The lettuces I planted in the garden just are not coming up very well. I do have some nice brassicas, but look how weedy. I just haven’t been inclined to head out there to weed. Perhaps I’ll get to it one day. Perhaps not. Now I don’t think we could make it through a winter without all my canned tomato sauces, so I have been taking these little seedlings a little more seriously. They are doing very well, nice and strong. My greenhouse has been taken over as a brooder for the baby broilers, so the
stench aroma is quite piquant as I care for these plants. Snow peas coming up, racing the hot weather. Onions. Sweet candy onions. I’ve never grown them before, as I much prefer red onions. I love to try new things, though. Healthy cucumber plants. The mornings spent hunched over cucumber plants picking off squash bugs seem a distant memory. Maybe, by God’s good grace, it will remain so.
What a lovely day we’ve had, hanging out by the river. This is a beautiful little oasis right in town. A pleasant shady spot of water, sand, pebbles and endless hours of fun. My children never tire of splashing, wading, floating and climbing around such places. The weather turned out to be in the high 70’s, such a warm day for April. We visited there with friends and there were 17 kids there, between the two of us busy moms! Nice shallow little “rapids” for Roo to play in. Even Gloria enjoyed her day in the sun! There was fish catching, snake watching, tree climbing, rock throwing and lots and lots of splashing fun.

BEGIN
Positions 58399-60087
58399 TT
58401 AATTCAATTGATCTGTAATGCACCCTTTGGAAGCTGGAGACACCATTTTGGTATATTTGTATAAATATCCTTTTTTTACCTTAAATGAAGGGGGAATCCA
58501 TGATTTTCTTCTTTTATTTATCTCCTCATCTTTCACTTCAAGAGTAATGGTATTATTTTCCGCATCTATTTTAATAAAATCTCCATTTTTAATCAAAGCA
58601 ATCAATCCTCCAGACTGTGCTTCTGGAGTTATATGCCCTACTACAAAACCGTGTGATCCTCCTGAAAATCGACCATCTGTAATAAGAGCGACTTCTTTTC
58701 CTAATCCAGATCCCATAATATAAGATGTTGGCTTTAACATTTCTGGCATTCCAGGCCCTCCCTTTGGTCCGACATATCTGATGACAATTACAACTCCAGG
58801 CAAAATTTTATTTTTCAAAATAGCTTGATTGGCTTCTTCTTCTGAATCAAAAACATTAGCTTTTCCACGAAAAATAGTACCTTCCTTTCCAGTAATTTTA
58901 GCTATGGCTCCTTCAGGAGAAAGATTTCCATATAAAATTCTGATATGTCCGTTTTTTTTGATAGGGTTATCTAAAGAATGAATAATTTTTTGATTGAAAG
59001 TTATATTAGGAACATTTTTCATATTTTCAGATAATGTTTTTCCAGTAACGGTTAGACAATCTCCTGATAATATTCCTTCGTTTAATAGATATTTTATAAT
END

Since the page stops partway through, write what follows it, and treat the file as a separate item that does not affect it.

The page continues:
No! Gnocci!! A delicious, plump potato-y dumpling. Amazing. And homemade bolognese sauce. Oooooh, it was good, let me tell you. The girls have a friend who is from Brazil. But Ms. Gina also has spent time in France and Italy. Her cooking is out of this world! She spent one afternoon teaching the girls how to make gnocci. It is quite an involved process, but so worth it. Potato, cheese, flour, eggs, rolled together, cut into small pieces, boiled, cooled, covered with warm sauce. Mmmm! All the kids enjoyed it. And they enjoyed her fancy desserts..chocolate mousse cake, coconut pudding with prune sauce. It was like eating at a delicious ethnic restaurant, plus we got to spend time with an amazing friend.
While we were up north a few weeks ago, we had the chance to visit my paternal grandfather. In his 90’s, Grandpa doesn’t hear or talk too well. But the kids coaxed a smile from him and were able to visit with him for a while. We told him stories of the farm, and family news and were rewarded with a signature, “no kidding?!” from him. He was quite charming, back in the day, and his funny little phrases and expressions will go down in our family’s history. We were glad to be able to spend time with this special man!